Customer migrations are becoming a fact of life in the communications industry. Rapidly evolving technology and standards, the refarming of spectrum, and competitive and regulatory changes virtually guarantee that service providers will need to migrate customers to new platforms every few years.
For service providers that means risk, because customers use such transitions as opportunities to evaluate personal or business needs, entertain alternative providers or at least improve commercial terms. For customers, what’s of most concern is the disruption the change causes and how they experience a transition overall, particularly when a new technology is involved.
At best, customers won’t notice any transitions a service provider does well, and neither will other companies or the industry. At worst, these transitions can trigger legal action from customers, become a public relations nightmare, erode the business value of a transaction significantly, or cause a mass exodus of customers from a service provider.
In PwC’s experience, service providers can execute transitions well – by having deep insight about their customers’ needs, planning cross-functionally and avoiding reacting, leading decisively and focusing their process. And a well-executed transition can enhance a service provider’s brand or reputation - and even catalyse a new phase of growth.
The most widespread shift that affects consumers is the rapid pace of generational change in technology. In wireless, for example, there has been a shift of ‘Gs’ every decade with this being the decade for 4G to be adopted widely. In the wireline/cable industry, there’s a very real desire to transition from copper-based networks to fibre networks and from TDM to IP-based platforms. These technology transitions are investment intensive and typically occur over an extended period. And each generational change creates the need to migrate subscribers from one network to the other.
Beyond the innovations in products and services that cause migrations, there is the current pace of mergers and divestitures, of disruptions to business models, and of regulation that also cause a constant flow of change for service providers (see Figure 1). In the US, for example, only four large wireless operators remain, down from eight large operators only a year ago. In much of the world, the stream of consolidation in the wireless industry flows steadily, often with no more than three or four dominant service providers in any market.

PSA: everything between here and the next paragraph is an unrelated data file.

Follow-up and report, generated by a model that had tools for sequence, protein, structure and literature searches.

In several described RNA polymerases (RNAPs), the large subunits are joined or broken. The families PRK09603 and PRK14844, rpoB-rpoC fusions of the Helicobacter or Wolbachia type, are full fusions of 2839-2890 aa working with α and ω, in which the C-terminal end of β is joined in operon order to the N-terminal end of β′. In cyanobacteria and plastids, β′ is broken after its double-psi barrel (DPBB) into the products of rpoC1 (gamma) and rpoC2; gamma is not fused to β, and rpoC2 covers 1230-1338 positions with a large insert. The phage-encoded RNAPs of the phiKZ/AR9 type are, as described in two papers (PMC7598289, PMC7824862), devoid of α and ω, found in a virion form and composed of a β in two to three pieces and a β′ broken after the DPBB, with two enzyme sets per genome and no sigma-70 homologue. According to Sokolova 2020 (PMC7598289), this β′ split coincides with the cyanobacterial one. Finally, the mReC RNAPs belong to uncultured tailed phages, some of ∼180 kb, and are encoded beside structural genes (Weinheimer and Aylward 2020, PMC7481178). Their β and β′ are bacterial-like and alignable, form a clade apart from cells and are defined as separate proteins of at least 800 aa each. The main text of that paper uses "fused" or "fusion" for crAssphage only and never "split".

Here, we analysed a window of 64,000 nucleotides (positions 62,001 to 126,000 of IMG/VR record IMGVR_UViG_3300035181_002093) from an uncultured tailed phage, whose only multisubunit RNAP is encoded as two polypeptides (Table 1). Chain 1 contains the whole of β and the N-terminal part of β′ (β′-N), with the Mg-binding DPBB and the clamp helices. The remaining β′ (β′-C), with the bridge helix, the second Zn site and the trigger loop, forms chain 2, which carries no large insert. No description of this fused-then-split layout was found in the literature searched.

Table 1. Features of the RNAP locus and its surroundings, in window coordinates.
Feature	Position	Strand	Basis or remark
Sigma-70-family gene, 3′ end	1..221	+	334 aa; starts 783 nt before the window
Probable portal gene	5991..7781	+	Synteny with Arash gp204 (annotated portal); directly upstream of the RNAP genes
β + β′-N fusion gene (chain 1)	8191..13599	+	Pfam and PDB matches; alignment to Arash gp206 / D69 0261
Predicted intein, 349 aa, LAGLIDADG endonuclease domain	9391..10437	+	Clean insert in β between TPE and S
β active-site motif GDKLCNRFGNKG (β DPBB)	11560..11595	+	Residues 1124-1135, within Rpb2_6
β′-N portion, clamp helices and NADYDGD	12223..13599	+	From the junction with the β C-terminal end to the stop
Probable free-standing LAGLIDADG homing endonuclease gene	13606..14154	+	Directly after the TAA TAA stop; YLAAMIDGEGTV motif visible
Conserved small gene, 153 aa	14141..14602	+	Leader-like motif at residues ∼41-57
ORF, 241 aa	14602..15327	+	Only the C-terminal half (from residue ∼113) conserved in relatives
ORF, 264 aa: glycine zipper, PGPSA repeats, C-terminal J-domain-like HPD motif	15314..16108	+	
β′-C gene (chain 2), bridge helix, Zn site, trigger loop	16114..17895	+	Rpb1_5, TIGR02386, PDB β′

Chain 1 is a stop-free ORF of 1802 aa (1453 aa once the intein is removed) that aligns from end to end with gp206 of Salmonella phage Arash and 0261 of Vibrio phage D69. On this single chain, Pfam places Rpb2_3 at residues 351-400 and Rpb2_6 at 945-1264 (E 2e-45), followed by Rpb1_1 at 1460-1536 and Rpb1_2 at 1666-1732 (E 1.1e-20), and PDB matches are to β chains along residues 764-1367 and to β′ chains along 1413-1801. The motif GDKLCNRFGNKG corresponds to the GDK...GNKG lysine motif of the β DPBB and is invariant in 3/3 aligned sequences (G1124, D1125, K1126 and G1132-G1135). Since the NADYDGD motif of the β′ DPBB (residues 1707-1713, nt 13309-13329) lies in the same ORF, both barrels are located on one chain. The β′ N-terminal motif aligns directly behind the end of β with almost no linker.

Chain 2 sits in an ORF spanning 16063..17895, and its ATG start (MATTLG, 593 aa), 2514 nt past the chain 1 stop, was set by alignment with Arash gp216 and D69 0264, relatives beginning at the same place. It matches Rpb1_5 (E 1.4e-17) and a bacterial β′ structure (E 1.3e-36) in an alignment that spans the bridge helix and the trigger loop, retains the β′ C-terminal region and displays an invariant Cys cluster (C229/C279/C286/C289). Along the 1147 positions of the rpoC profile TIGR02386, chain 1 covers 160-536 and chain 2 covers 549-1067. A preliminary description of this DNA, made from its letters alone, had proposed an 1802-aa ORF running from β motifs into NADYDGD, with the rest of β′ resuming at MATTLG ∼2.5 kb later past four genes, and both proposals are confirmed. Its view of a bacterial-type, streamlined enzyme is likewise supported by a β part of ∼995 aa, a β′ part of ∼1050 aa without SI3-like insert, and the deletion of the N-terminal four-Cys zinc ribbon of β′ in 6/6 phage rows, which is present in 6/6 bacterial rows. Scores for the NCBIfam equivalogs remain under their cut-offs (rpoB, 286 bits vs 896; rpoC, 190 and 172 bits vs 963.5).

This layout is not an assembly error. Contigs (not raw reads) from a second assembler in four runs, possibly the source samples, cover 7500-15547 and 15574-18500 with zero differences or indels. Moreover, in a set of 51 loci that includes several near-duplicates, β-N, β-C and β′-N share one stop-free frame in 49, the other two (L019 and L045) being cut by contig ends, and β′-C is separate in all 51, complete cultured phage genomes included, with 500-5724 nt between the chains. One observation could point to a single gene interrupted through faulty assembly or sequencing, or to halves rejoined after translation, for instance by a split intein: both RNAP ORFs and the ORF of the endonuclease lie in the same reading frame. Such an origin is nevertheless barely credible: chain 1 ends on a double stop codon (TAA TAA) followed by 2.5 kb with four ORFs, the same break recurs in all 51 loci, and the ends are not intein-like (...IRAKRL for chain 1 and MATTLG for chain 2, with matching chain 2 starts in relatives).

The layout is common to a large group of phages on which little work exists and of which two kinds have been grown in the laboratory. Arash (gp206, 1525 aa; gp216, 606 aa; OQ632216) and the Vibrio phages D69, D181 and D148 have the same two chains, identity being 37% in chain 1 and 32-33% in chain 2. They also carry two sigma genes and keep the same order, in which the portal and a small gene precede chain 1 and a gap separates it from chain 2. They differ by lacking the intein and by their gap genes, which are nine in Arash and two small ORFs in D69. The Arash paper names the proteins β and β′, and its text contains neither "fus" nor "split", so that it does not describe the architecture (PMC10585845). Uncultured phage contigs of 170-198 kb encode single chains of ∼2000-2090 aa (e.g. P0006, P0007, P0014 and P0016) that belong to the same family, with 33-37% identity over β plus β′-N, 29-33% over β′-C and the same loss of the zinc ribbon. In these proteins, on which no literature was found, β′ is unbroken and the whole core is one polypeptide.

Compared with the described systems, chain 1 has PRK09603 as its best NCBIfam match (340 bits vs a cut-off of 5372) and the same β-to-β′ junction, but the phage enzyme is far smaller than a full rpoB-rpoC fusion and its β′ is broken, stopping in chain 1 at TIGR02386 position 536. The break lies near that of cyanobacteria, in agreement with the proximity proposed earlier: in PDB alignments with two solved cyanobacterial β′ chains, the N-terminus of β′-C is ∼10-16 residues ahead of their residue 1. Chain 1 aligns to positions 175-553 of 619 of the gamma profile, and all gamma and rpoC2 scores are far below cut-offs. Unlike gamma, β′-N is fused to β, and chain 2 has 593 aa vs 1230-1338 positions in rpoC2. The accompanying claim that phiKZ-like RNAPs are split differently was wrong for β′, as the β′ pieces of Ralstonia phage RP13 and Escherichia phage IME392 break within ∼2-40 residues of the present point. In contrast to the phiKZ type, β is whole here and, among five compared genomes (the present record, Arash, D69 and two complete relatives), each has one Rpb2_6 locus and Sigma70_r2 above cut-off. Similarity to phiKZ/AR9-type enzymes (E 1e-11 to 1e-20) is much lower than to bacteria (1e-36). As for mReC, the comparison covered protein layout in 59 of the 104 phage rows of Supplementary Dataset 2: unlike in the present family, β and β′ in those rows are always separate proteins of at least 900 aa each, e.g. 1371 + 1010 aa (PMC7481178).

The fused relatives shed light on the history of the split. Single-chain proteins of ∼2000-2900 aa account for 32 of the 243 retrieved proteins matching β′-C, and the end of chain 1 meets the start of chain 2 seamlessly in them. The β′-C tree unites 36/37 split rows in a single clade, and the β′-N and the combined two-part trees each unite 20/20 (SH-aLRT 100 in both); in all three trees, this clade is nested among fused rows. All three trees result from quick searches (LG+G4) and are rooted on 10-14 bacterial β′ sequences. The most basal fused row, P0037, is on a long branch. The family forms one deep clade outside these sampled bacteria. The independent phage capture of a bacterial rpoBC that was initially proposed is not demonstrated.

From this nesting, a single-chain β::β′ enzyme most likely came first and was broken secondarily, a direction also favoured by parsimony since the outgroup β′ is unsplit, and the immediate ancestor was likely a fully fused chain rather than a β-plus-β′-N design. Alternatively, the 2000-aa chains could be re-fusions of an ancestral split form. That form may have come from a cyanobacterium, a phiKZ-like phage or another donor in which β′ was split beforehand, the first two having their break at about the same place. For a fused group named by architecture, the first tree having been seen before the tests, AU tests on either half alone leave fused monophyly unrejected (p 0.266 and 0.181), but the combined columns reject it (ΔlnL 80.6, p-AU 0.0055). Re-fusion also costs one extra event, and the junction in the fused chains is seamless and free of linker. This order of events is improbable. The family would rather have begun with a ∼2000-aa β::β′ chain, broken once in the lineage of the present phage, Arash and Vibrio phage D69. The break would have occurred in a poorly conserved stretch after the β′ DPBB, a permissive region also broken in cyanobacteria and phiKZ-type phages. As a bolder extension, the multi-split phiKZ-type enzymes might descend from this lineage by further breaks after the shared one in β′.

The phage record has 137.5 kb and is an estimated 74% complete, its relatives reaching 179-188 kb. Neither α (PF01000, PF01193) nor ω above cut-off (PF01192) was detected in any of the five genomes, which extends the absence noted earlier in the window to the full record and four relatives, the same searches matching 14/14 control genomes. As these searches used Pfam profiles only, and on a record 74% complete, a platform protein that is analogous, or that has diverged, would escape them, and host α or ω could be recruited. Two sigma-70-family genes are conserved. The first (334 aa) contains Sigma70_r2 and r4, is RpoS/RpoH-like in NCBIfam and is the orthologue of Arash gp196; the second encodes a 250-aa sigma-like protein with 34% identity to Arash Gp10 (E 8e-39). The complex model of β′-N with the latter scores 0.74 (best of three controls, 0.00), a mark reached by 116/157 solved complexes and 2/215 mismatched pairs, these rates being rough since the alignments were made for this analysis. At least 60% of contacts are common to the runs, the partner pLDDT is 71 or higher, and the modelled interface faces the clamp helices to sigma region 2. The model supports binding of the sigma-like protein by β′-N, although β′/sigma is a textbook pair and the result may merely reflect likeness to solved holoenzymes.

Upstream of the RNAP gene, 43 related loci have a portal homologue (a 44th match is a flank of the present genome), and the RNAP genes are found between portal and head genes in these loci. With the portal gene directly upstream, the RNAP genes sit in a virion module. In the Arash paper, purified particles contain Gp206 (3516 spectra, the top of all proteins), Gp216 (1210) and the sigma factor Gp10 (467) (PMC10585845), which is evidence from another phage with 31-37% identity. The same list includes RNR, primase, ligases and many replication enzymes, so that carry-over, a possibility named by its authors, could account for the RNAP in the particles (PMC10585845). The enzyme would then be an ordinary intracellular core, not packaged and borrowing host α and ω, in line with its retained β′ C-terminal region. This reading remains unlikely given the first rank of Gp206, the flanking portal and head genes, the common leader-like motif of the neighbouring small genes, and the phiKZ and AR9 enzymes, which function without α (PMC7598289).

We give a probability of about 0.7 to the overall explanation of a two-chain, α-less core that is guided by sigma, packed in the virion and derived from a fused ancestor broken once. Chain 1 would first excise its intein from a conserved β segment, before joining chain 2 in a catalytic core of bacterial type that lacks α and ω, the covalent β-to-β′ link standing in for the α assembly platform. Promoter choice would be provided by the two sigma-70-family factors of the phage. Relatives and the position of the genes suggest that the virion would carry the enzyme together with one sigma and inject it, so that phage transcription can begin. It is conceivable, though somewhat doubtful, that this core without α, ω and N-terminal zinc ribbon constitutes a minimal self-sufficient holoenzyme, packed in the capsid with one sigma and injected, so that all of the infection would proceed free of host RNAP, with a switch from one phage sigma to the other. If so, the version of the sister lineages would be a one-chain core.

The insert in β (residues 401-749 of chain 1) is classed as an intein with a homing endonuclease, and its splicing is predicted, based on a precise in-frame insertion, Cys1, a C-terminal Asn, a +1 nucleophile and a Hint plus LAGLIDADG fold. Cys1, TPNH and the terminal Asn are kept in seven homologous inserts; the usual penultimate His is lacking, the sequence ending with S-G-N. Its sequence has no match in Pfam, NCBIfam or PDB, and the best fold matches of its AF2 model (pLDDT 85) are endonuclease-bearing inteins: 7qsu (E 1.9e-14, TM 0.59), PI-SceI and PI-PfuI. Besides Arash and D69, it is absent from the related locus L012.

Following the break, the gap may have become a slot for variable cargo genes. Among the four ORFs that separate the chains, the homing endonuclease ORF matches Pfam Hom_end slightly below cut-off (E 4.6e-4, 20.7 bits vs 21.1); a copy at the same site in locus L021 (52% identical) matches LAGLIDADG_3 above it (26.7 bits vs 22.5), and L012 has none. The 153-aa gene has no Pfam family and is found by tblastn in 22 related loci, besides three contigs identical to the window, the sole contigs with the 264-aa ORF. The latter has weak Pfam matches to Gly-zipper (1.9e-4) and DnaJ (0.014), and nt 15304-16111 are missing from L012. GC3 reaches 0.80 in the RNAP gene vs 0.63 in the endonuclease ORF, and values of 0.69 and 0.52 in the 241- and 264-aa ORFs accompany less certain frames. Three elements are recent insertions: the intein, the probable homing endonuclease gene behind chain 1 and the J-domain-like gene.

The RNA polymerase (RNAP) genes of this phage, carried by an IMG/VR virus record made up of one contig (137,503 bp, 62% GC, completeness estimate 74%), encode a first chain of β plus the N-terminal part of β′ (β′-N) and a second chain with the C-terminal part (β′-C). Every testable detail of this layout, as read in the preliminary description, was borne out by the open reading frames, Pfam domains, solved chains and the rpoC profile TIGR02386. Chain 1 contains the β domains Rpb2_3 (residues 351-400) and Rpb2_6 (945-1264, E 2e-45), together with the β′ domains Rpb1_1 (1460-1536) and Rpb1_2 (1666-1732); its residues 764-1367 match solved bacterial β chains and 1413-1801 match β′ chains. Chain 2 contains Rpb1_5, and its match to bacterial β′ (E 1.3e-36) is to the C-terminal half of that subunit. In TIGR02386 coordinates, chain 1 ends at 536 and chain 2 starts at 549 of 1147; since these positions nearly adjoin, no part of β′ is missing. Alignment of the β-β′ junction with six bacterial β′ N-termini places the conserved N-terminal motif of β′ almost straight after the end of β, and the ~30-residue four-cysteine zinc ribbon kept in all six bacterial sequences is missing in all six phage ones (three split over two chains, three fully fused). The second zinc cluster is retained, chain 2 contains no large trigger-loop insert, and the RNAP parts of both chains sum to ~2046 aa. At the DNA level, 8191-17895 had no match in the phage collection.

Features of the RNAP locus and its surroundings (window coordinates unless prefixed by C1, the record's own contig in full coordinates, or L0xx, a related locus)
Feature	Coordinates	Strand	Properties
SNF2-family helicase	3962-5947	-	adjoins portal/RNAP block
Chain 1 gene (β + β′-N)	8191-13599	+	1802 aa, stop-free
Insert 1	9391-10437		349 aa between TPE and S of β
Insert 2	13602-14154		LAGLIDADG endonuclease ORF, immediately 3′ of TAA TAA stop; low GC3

As consolidation affects infrastructure vendors, investment decisions may bring end-of-life dates for certain platforms. Service providers then have the unenviable task of migrating customers from one platform to another. As an example, by 2015, the average TDM switch will be 30 years old.
Lastly, regulatory changes can be a major trigger for migrations. Since the first conversion in The Netherlands in 2006, governments around the globe have been mandating the move from broadcasting in analogue television to digital television. One of the best examples of a large-scale migration that a regulatory change caused is the conversion to digital TV in the US in 2009. Another regulatory-initiated move that likely will have a wide-ranging impact on the industry is the conversion from TDM to IP. In the US, the Federal Communications Commission (FCC) has set up the Technology Transitions Policy Task Force to evaluate and encourage the migration from TDM to IP.
Early adopters and fast followers will migrate voluntarily with little incentive and often at their own cost. With each departing subscriber, the economics of the legacy platform become less attractive. So at a certain point, service providers must force an involuntary migration.
 Cable News Network, http://www.cnn.com/2014/01/22/tech/mobile/south-korea-5g/.
 International Telecommunication Union, http://www.ctu.int/download/PHai_migration_status.pdf.
 Federal Communications Commission, http://www.fcc.gov/document/technology-transitions-policy-task-force-seeks-comment-trials.